Bird with red ivory
Helmeted Hornbill is one of the most unusual hornbills, the only one with a solid casque. However, this is precisely the cause of its downfall. The Helmeted Hornbills have been hunted for their casques in Borneo and traded with China for over a thousand years but in the recent years, the species has come under new and unprecedented pressure from an exploding demand for casques which are in great demand as a material for carved jewelry and ornaments.
The bird is found in virgin lowland forest habitats in Brunei, Indonesia (Sumatra and Kalimantan), Malaysia, south Myanmar and south Thailand. It is a low-density species, even in prime habitat, where it plays an important ecological role in seed dispersal and tends to be absent in disturbed forests, peat swamps, and coastal forests. It has the most specialised diet of any hornbill and particular nest requirements.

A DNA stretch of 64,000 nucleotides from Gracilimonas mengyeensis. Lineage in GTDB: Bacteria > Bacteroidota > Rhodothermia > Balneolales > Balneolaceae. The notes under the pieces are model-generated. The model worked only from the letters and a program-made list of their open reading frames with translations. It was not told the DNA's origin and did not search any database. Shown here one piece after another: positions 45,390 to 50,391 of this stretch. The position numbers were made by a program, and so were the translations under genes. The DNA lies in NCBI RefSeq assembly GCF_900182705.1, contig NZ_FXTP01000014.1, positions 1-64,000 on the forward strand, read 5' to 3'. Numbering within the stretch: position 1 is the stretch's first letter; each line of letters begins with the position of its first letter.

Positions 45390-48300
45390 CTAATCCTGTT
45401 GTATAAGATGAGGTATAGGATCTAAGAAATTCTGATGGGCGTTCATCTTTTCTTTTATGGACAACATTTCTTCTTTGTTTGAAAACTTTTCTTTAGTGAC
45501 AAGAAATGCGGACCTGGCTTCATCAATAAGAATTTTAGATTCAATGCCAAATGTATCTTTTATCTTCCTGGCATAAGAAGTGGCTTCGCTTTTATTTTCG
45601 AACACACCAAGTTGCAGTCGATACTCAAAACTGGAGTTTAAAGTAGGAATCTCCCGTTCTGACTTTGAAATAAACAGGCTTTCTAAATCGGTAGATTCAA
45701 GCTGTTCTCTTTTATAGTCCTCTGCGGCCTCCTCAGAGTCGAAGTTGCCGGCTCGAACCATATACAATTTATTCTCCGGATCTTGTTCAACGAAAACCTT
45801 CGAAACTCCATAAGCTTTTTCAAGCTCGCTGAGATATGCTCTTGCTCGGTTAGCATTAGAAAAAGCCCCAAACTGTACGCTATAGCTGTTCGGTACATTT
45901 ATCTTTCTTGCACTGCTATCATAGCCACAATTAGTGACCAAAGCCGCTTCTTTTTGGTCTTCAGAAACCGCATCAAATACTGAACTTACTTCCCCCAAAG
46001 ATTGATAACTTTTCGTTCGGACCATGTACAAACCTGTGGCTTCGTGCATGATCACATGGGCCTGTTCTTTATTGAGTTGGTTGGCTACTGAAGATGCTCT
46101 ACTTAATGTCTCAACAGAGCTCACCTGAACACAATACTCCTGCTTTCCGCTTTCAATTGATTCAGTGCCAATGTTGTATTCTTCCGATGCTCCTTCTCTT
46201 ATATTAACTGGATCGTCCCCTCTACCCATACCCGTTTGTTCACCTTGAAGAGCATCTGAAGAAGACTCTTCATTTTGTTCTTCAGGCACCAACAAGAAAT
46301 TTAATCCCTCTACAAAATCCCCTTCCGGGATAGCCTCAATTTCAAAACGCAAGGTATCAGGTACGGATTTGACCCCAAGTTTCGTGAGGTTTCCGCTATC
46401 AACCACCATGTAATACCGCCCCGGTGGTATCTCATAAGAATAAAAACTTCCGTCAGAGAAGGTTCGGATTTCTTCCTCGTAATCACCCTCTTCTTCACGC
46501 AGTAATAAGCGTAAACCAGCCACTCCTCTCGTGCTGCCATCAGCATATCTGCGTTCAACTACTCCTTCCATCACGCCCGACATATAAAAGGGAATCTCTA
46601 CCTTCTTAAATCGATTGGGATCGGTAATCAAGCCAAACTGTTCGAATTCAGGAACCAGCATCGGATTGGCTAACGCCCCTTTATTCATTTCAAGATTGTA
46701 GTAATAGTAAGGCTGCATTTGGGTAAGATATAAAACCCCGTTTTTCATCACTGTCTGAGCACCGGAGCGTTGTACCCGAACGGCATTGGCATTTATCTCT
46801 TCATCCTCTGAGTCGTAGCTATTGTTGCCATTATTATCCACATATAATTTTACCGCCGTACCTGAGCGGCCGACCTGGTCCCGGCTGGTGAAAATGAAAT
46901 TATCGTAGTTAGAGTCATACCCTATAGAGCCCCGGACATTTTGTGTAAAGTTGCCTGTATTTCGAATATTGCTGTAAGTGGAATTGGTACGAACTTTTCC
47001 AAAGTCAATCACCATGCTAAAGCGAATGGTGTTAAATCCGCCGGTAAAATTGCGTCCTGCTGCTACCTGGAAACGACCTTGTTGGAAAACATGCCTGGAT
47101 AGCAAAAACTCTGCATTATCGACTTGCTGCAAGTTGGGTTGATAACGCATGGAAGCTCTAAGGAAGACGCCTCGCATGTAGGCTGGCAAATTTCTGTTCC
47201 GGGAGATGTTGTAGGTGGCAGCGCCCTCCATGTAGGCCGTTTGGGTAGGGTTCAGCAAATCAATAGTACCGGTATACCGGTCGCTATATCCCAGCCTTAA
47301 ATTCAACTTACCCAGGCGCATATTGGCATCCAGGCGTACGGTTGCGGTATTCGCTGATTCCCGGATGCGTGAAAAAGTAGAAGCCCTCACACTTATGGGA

The threats are daunting, being driven by such high profits, that it has been essential to move the species conservation up the political agenda, nationally and globally, and identify the needs for action. In November 2015, BirdLife uplisted the Helmeted Hornbill’s conservation status in the IUCN Red List of Threatened Species from Near Threatened to Critically Endangered.
The 10-year, Range-wide Helmeted Hornbill Conservation Strategy and Action Plan (2018 – 2027), outlines a bold, long-term vision: “to ensure that the Helmeted Hornbill thrives in ecologically functional populations across its natural range, valued by local and global stakeholder communities and effectively protected from threats related to poaching, trafficking and habitat loss.
For more information, please read https://www.birdlife.org/asia/projects/helmeted-hornbill
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